On Music and These Men


I was raised on guitar, songs, piano,
and books, rather than rockers
my father didn’t approve of. In our house
it was traditional and folk
and only got as wild as Baez sings Dylan,
no small treasures. Plus all those piano lessons.
Before that, the facts are that my dad-maestro
had me playing baritone ukulele
and my sidekick brother singing
This Land is Your Land with me in harmony
as four and three year-olds.
And that I have become him.


Husband one turned me on to jazz, to fusion,
to Corea, Hancock, Zappa, Santana, to epic anthems
like The Lamb Lies Down on Broadway.
To birthing our own music-driven household.
My folks had forbidden me to marry
this longhaired drummer who still inspires me.
The rest is history. For a brief moment
in those hurricane days, I was an artist
under the patronage of our particular alchemy.
Cue motherhood.

Just beyond childhood,
like my mother and our women before her,
mothering was good and good for me,
a shy one years away from ritual work
toward enlightenment beyond the care and feeding
of sons for more than two and a half decades.

And as the artist grows, so grows the art?
Not necessarily. Artists know
youthful exuberance has its own,
perhaps once in a lifetime authority.
But who knew just then? When you are young, time
means forever. His artist mother said
that at 24 he was immortal.
We all were.


In a next serious dance, like a cancer
we all lived through and learned from,
an inferno forged me and all of us in ways
I guess we were destined for.
It was about the great ladies then,
Billie, Ella, Sarah, Nina, and another powerhouse
he liked to tell a West Village dressing-room story about.
I’ll add her name when I retrieve it
from my lazy Susan memory.
The venerable Irish tenors and the rigors
of hymnals filled with perfect 4-part harmonies
and terrifying pedal lines fed and formed me, too.
And he said access
to the arts is life
or death.


On a new planet, an architect/musician found me
busking for part-time work on Craigslist.
We danced to the tune of architecture meets music.
It was ultimately all about structural integrity,
the beauty of a great bass line,
and transcending a muteness
that had enveloped me like a safe blanket
sometime during motherhood.
I thought we would dance forever,
even after he sailed away. There is power
and community in valuing the work of another
while knowing you are championed
from no matter what far star.

Silenced by ALS, his lip-rendered air guitar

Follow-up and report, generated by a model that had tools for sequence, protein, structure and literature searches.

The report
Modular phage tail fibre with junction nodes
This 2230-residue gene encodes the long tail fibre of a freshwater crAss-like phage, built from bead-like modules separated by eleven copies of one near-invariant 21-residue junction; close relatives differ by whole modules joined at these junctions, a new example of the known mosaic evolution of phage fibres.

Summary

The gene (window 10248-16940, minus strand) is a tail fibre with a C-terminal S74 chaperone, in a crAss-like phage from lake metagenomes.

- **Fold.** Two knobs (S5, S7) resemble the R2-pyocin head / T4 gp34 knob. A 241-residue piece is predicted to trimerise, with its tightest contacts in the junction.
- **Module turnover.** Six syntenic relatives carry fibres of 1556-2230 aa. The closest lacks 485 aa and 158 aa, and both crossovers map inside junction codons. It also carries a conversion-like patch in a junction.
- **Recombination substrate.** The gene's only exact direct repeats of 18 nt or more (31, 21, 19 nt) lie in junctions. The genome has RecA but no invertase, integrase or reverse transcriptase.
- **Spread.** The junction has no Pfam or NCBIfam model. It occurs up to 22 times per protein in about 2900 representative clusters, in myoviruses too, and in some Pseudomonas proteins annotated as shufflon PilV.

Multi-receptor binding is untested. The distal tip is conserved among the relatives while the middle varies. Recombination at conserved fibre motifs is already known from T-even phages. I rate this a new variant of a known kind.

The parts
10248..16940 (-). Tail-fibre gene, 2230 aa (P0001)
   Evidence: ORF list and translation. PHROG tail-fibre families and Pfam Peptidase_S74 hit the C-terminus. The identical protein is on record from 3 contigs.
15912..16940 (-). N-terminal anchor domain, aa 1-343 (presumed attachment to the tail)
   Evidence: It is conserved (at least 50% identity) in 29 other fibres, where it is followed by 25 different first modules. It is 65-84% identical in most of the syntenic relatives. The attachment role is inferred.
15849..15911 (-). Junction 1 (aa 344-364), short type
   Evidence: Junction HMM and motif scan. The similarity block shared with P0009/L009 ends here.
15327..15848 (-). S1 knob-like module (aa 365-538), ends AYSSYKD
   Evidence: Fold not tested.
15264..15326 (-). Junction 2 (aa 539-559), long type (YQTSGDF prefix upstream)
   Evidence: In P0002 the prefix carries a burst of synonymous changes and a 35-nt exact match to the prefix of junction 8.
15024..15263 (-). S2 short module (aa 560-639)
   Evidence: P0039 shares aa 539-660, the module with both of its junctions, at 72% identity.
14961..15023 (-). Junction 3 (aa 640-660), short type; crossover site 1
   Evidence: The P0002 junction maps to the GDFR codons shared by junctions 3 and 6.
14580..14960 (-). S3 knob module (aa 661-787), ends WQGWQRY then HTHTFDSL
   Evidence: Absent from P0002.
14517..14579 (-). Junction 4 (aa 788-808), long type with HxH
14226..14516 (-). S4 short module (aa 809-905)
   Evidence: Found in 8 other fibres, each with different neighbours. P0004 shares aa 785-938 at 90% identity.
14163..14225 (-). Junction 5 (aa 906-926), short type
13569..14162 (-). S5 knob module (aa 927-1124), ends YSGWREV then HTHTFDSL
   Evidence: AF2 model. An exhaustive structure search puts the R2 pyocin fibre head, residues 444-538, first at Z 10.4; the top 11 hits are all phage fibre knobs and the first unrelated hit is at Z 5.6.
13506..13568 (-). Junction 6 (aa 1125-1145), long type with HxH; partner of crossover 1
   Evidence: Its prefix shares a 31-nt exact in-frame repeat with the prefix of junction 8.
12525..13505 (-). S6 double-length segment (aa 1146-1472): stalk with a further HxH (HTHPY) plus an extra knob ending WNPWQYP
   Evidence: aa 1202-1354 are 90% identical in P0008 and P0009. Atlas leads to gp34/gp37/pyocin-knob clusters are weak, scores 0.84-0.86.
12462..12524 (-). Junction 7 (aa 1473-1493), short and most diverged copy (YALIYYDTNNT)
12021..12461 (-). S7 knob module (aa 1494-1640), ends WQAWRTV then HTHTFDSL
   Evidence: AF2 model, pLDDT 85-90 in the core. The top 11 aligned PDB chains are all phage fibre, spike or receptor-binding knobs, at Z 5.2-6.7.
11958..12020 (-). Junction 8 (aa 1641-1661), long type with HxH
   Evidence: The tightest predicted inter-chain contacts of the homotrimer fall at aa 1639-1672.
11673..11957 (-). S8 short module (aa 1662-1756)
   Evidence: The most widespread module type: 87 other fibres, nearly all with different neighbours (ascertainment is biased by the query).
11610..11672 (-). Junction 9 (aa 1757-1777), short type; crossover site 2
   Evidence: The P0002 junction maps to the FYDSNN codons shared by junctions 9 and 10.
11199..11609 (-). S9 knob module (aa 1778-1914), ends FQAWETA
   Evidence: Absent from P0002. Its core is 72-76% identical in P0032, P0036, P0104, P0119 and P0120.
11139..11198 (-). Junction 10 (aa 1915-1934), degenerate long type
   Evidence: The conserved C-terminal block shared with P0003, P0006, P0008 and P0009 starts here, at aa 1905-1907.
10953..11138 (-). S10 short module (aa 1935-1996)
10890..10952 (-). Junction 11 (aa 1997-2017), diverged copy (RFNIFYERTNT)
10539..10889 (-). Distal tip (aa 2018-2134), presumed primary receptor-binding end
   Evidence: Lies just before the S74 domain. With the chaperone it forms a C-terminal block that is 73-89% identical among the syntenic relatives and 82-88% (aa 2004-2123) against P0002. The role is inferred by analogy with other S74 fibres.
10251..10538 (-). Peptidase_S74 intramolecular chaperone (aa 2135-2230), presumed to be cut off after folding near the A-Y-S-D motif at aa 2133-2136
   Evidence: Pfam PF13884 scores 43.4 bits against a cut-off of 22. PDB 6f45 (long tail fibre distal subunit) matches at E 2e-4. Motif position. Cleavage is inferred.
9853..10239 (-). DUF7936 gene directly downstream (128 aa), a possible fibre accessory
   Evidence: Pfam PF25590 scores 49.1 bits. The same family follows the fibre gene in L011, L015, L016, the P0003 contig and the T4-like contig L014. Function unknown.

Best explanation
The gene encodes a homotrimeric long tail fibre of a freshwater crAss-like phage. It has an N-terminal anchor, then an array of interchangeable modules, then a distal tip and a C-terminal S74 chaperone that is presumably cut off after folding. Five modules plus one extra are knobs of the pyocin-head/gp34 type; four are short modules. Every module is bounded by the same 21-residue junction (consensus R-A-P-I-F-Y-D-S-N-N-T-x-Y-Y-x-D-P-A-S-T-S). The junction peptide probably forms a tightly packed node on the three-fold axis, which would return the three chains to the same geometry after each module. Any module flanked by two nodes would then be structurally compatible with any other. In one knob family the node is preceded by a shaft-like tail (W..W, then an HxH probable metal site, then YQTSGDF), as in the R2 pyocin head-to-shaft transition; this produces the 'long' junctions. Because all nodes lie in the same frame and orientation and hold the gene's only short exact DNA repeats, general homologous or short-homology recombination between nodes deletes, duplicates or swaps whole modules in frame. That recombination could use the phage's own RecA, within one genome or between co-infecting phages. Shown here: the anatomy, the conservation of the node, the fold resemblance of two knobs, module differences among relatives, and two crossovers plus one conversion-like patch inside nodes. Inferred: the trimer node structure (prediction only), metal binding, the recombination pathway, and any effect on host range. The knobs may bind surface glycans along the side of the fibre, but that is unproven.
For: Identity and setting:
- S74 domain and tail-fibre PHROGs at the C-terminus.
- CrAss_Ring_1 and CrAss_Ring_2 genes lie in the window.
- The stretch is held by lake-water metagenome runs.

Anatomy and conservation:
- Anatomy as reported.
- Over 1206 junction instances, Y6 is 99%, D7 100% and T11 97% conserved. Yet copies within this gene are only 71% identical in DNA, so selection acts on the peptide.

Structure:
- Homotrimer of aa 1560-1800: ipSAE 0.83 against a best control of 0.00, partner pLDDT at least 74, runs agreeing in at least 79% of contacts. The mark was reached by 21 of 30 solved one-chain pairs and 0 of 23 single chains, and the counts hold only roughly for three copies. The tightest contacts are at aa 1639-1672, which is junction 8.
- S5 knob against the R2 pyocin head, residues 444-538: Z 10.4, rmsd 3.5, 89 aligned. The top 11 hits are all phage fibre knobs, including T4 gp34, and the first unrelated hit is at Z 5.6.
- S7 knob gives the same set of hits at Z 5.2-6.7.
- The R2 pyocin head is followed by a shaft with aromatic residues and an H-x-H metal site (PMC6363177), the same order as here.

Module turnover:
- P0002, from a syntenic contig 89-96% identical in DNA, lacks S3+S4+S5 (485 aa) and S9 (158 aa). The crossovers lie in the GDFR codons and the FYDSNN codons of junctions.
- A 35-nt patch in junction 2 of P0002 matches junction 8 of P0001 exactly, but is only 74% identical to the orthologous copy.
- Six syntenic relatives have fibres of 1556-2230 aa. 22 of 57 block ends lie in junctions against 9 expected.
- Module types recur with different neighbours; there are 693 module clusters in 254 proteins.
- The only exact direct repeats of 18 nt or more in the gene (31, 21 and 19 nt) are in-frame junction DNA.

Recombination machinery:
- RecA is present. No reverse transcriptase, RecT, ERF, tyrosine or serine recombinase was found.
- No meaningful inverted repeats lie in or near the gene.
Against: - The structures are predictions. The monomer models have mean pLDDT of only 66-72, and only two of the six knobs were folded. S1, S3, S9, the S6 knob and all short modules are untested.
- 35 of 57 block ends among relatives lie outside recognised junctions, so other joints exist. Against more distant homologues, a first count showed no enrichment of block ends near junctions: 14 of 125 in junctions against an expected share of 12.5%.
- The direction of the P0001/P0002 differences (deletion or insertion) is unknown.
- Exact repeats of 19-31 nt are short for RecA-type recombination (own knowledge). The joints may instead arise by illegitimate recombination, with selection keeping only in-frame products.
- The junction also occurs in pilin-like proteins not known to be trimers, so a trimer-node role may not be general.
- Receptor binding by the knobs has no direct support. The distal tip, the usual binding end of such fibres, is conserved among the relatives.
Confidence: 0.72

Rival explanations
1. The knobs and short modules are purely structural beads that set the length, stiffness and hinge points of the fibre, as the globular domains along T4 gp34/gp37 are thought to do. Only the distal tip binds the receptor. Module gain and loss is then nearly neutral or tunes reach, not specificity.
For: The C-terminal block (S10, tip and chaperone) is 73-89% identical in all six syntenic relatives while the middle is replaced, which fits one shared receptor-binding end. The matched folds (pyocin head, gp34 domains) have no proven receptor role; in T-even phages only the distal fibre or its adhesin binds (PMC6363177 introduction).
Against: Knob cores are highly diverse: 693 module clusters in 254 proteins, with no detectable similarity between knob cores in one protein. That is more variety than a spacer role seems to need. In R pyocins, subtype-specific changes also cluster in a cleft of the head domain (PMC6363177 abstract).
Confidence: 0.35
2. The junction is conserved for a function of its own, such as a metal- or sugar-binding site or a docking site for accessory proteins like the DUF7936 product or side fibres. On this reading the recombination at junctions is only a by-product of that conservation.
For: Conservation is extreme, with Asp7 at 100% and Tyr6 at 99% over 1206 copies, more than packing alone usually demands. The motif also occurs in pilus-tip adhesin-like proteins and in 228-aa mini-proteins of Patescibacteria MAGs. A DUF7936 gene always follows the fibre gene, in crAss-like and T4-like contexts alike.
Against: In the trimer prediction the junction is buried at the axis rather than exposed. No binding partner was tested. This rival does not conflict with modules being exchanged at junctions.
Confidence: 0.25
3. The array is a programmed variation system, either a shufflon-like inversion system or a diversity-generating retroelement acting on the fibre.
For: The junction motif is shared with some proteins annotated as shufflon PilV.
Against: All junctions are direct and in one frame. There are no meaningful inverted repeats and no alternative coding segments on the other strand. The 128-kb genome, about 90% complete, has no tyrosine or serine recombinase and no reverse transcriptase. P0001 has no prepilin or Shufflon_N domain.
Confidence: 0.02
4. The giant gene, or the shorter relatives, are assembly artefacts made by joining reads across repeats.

played comic relief to his last audience
in final hours that he in fact damn well designed.
His grand idiosyncrasies still play inspirator
to me, inciting me in real time
and dreamtime to continue
and continue in whatever ways
in the midst of whatever


My three sons are men now.
One artist, two musicians,
each jams full out, chin deep
in the big stuff while tending to art
and thus to soul, whether or not that’s how they’d say it,
in a culture and in times in which that’s patently radical.
They proceed. Persevere. Prevail. And I know,
despite their like-it-or-not shotgun ride
along my half-crazed developmental nexus,
that I modeled that. They did and do inspire me
creatively, philosophically.


In today’s oasis of grace, husband two
is a de facto musicologist of the ’60s and ’70s.
Through him my mind was blown in particular
by the likes of Joe Cocker’s Woodstock version
of With a Little Help from my Friends,
Jimi Hendrix’s Star-Spangled Banner,
Joni Mitchell. Judy Collins.
The Animals to The Beatles.
So many others.

I have visceral memories of driving
like a bat out of Silver Lake in our dating days
in fits of ecstatic identification with some aspect
of the music of icons I hadn’t quite attended to,
including revelations from other great ones
we lost young. Joplin for one.

With him
I am free—for perhaps the fourth time
but in ways the first—to create. Evidence
of crucibles: mine,
his, ours,
that now fire my work
and much that I don’t know
yet. This
is the way
I want to live.


Now I’m driven
by the current political madness
to get how music from the Underground Railroad
to the civil rights movement,
from Woody Guthrie and Bob Dylan
to Biggie and Tupac and beyond
can help propel us toward new ground
and grounding. I’m leaning in,
rocking on,
for these

My last of 30 poems in 30 days for National Poetry Writing Month, April 2017

Image by John Livzey


Teresa Young teaches private music students in Los Angeles and coaches savvy folks in accomplishing passion-based goals in healthy new ways. Clients include Boomers and GenXers seeking fulfillment in the second half of life and Millennials looking for meaning from the start. Teresa coaches by phone, in person, and via Skype outside the U.S.